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Stanley Johnson continues to impress in sloppy loss

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Though the Pistons looked terrible, Stanley Johnson continued to impress fans.

Raj Mehta-USA TODAY Sports

You always hear the same things from NBA rookies: They are trying to learn the NBA game, they are trying to adjust to the speed of the game. All of these things are difficult for most rookies. Stanley Johnson made it look easy in his first preseason game by notching 26 points while mostly playing out of position at point guard. Back in what will likely be his natural position on the Pistons, the rookie did not have as much of an impact against the Brooklyn Nets, but still continued to impress.

Let's face it, the game against the Nets was difficult to watch.

The Pistons coughed up the ball 21 times which surprisingly led to only 24 points for Brooklyn. Unfortunately, when you turn the ball over that often, your defense is going to suffer. And if your defense is suffering, your offense (mainly your shooting) needs to be that much better if you want a chance to win. That was not the case for the Pistons Thursday night against the Nets.

However, not everything from the game was a negative. One of those bright spots was the continuing development of Johnson. A statline of 26 points, three rebounds, four assists, and two steals is difficult to follow up in your first non-Summer League NBA sanctioned game. Without the ball in his hands as much as it was against the Pacers, Johnson fell victim to the play of Reggie Jackson and Spencer Dinwiddie. The result was a 5-for-11 shooting night (2-for-3 from deep) for 12 points to go with seven rebounds, two assists, two steals, and two blocks. That is more than acceptable for a rookie.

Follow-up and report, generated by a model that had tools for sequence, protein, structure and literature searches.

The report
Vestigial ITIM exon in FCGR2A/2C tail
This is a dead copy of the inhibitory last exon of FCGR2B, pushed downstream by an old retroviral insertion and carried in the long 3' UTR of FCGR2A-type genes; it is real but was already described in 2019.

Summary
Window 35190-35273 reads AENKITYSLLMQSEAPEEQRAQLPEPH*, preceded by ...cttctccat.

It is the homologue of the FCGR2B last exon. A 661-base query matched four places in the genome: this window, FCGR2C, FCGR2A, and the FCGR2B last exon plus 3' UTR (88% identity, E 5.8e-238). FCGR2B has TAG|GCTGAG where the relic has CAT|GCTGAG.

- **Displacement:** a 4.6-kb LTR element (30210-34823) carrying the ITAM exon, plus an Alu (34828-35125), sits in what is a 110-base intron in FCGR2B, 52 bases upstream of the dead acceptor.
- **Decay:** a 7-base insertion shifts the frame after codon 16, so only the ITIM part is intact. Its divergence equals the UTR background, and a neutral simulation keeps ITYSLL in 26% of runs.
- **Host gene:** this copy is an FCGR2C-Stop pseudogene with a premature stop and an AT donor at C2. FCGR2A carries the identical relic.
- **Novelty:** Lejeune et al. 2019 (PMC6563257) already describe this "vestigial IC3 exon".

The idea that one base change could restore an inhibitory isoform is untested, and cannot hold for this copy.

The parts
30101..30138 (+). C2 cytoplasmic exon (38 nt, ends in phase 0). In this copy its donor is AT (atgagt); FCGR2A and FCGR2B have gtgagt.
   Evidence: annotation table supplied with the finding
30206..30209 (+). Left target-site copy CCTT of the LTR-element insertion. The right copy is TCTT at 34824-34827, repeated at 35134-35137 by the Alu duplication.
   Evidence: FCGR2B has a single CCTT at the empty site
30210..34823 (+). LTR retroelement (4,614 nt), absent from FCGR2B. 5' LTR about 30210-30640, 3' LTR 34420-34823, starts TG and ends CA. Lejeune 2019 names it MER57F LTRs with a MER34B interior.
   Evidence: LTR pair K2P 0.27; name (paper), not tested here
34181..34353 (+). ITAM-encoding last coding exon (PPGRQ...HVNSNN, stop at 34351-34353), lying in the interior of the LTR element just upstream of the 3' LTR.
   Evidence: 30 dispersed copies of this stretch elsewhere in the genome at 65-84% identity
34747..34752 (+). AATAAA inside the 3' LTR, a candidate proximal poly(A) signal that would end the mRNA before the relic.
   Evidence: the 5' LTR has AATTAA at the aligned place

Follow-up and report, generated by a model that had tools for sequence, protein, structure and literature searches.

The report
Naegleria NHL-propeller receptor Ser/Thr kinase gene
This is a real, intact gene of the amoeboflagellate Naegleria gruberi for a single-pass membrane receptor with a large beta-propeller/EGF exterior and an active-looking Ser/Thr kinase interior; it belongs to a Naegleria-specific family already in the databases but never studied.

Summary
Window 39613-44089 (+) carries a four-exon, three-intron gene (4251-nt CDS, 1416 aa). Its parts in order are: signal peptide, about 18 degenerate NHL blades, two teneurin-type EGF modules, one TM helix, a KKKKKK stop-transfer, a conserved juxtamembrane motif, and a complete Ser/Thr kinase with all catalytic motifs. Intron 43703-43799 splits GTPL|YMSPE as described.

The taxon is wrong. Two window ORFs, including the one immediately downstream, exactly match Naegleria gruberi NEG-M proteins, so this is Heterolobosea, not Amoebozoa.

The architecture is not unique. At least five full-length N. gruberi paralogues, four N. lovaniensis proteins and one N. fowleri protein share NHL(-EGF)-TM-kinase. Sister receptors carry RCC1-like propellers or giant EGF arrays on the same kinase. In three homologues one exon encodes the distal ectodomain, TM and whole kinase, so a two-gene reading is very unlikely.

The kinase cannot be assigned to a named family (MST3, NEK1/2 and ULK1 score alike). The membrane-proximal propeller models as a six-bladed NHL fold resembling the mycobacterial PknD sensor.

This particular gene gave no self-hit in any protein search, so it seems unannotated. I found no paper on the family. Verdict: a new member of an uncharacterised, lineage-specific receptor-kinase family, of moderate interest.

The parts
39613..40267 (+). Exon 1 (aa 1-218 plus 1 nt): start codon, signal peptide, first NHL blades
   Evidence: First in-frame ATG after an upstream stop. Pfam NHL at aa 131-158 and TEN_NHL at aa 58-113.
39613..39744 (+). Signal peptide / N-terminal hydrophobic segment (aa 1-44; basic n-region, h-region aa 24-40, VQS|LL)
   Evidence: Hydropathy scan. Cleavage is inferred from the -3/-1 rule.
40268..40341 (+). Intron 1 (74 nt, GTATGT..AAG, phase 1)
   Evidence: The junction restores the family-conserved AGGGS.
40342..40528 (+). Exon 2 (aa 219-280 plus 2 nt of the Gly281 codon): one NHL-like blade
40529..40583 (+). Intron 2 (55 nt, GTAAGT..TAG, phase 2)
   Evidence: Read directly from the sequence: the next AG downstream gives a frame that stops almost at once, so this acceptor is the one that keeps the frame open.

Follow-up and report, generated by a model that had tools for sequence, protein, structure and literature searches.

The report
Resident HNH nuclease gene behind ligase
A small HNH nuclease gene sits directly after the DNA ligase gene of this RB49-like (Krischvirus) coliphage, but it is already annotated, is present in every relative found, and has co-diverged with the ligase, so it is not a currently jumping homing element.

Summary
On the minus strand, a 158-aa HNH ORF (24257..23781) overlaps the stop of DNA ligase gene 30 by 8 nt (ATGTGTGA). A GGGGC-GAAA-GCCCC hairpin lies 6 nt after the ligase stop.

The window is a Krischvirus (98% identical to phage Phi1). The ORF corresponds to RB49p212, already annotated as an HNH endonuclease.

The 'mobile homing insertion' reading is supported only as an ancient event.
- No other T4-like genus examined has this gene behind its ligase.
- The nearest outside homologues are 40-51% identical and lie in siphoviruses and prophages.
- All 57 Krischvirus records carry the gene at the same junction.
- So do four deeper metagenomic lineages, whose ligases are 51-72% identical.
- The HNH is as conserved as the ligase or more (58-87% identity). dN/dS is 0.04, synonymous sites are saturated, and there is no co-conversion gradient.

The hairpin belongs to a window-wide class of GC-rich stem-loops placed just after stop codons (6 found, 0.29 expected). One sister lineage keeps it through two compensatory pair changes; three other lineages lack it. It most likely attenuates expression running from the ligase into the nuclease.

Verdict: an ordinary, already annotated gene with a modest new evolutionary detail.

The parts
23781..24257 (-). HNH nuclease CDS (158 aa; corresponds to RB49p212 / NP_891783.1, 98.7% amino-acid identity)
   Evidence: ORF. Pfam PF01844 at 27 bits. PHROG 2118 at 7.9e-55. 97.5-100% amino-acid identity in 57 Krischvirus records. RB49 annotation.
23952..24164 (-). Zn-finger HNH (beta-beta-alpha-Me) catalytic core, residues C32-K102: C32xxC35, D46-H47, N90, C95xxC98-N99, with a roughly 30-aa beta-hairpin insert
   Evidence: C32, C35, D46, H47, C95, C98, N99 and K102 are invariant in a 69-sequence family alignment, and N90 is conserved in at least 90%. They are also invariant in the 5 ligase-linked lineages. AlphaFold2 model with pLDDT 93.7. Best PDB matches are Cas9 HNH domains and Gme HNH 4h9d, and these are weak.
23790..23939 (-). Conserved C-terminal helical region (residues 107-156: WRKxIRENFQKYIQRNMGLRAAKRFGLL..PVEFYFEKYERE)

Johnson also continued to show endurance. Going from college to the NBA requires an adjustment to the change of pace. Coming out of the first week of training camp which included four days of two practices each day, Stan Van Gundy said the only player who had their legs under them still was Kentavious Caldwell-Pope. After an off day Sunday, and another practice on Monday, Johnson led the team with 34 minutes against the Pacers. He was third on the team in minutes with 29 against the Nets. Both games playing more than Marcus Morris who going into camp is the presumed starter at small forward.

Without the ball in his hands, Johnson was also unable to get to the free-throw line. Johnson was able to get to the free throw line nine times in the game against the Pacers, but did not get to the line at all against the Nets. He was a 74.2-percent free-throw shooter in college and connected on 7-of-9 against the Pacers. For a team who has been a bad free-throw shooting team for some years now, getting our good free throw shooters to the line should be a priority.

However, there is still caution to be had. This, again, was just a preseason game. One against the B-squad of the Nets. But you cannot argue that the effort and confidence are not there. Both of his steals were intercepting (bad) passes which resulted in fast break opportunities. On one of those, after a missed Anthony Tolliver three point attempt, Johnson was back down court ready to block a shot and then push it up the floor again.

Has your confidence in Stanley Johnson grown to his own confidence in himself? Should he get the ball in his hands more often and be allowed to create? What say you DBB?